Kristinn has often chosen the book as a space for his work and published multiple bookworks in his career, which have taken on the form of diaries or comic strips, among other things. If it is possible to find a red thread (red stakes) in his process, it would focus upon text in the visual works; the relationship of the text with the images. For a long time Kristinn has scribbled and written down things that have attracted his attention in his immediate environment, whether from nature, the city or in a newspaper on the kitchen table. These snapshots and text clips go unedited through the mind of the artist and onto paper, a bit like the scribbles that come to mind when talking with a good friend on the phone. Here one is not thinking about artistic value, but rather a personal and artistic process, perhaps a poetic processing of the everyday. The book is an optimal medium and form in this context, it is a space where the real and fictional run together. At the exhibition in Ásmundarsalur the book Dauðabani is added to the artist’s work. Here Kristinn has systematically worked through large quantities of everyday clips and scraps, and thought about options for incorporating and separating image and text. The book is similar to the first old-fashioned livre d’artiste, a type of illustrated poetry book that poets and artists worked on together, where illustration accompanied text. In Kristinn’s book there is interaction between these two components, which may not be strange considering that it is created by one and the same man. Therefore the images sometimes come before the texts and become an explanation. Elsewhere the text is first and then there is a diagram. More often than not this happens simultaneously in the mind of the artist and if he makes a change to the image (pepp up the red color!), the text requires editing also. And vice versa. Now, one could wonder if it is not some sort of misunderstanding on Kristinn’s behalf to publish a book at a festival that emphasizes time-based media and work that is in real-time? Then citing the repeated sentence of the book: What is going on? In the mid-1970s, when Kristinn was studying at the School of Art and Crafts, Ulises Carrión from Amsterdam wrote: “A book is a sequence of spaces. Each of these spaces is perceived at a different moment – a book is also a sequence of moments.” Could Kristinn have read Carrión's text during his studies in the Netherlands a few years later? It is not unlikely, because during the exhibition the book is in fact an independent exhibition space that can be penetrated by reading, both image and text reading, walking in Kristinn ́s footsteps. The book is a "space-time sequence." During the exhibition text and image escape from the area of the book and out into the exhibition space at Ásmundarsalur, merge and take on the form of paintings worked directly onto the walls of the room, accompanied by various-sized drawings and computer prints on paper. Here Kristinn has reworked the works found in the books in a new way, changed the shape of the images and sometimes shortened the text. At the same time they are in conversation with some older works and exhibitions by the artist worth mentioning. The works are reminiscent of paintings Kristinn worked with earlier in his career, in the beginning of 1980, where texts and images from the media where placed together. The exhibition as a whole can be seen as an extension of the exhibition Shelter (Skjól), which Kristinn held ten years ago in Kubburinn, Iceland University of the Arts’ exhibition space, and was realized in collaboration with the school and students in Art Theory at the University of Iceland. There were works that were developed from the artist’s sketches, where Kristinn considered the context of the text and image in the form of the logo. Here the works are some kind of code that point in an unclear direction, but all begin in the individual mindset of the artist. At the ninth Sequences festival viewers will be able to look at their surroundings from the same perspective as Kristinn G. Harðarson for a moment, or indefinitely depending on whether or not they take the book from the exhibition with them. It is this panorama over life and art that makes him a favourite of many artists, an “artists’ artist”: The one who can be trusted to come as a surprise, however paradoxical that may sound. In Kristinn’s art this makes sense though, because the works are created in the space that lies between the objects; between text and image. Between life and art.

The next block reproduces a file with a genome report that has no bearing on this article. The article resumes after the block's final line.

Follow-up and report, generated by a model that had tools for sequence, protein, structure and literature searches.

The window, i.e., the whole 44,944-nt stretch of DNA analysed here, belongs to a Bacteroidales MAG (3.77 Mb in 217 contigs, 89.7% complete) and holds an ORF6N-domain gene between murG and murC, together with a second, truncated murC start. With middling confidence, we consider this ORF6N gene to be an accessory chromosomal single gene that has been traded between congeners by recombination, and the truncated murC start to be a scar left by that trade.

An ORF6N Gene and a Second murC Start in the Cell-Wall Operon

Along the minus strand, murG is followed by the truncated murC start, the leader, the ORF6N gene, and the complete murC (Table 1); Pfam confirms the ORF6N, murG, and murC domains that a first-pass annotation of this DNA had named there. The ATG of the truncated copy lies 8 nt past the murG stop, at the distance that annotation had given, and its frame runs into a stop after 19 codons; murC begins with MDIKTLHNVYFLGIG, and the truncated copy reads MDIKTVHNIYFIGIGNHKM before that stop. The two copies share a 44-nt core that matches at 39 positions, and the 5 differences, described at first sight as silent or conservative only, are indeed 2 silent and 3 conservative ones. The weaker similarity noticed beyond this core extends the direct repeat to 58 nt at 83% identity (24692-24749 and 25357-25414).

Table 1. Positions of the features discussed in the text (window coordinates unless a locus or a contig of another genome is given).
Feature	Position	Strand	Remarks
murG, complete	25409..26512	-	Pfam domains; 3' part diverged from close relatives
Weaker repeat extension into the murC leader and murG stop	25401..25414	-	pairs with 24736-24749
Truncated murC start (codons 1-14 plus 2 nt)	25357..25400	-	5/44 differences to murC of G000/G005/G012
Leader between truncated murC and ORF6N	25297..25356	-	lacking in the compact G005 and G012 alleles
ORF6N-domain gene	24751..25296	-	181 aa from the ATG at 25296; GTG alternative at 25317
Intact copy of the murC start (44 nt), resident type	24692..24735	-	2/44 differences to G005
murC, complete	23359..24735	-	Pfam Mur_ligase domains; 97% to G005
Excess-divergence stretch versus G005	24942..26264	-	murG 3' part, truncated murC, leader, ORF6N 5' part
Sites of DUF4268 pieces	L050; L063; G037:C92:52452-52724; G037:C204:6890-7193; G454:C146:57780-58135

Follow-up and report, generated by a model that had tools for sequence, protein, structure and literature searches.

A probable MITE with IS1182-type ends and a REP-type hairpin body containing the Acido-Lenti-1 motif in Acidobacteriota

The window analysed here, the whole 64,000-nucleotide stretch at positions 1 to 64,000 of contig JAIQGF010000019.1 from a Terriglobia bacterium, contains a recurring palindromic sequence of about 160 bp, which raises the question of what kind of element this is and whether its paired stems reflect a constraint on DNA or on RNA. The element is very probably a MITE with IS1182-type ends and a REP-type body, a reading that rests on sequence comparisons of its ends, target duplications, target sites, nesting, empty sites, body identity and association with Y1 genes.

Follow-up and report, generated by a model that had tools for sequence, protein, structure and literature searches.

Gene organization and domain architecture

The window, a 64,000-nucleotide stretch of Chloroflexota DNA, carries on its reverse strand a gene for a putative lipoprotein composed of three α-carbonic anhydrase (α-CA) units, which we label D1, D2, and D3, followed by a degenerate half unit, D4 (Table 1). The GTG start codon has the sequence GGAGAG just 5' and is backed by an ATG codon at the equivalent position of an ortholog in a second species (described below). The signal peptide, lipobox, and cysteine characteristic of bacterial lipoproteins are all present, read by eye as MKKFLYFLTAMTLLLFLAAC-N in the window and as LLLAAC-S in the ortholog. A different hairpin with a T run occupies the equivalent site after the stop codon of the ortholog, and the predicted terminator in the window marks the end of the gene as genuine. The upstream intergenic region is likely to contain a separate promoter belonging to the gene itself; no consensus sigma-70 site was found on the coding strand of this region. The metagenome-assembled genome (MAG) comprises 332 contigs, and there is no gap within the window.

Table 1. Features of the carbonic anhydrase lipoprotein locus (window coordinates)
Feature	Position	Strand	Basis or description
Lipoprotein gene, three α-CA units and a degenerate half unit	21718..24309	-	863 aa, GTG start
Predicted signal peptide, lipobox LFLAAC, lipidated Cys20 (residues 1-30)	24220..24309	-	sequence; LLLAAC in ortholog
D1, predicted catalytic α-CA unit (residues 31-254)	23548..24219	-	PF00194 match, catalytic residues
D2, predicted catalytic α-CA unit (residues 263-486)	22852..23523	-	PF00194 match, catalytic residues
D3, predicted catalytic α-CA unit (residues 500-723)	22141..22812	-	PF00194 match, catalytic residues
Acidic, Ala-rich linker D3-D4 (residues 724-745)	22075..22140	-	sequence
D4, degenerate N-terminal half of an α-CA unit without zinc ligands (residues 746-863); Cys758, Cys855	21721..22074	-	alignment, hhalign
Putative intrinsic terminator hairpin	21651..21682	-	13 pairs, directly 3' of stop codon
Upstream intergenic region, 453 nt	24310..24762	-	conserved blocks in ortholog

* The author has borrowed from work by Kristinn G. Harðarson, published in the journal KÍM (Reykjavík: Gunnar Vilhelmsson and Sigríður Vala Haraldsdóttir, 1981)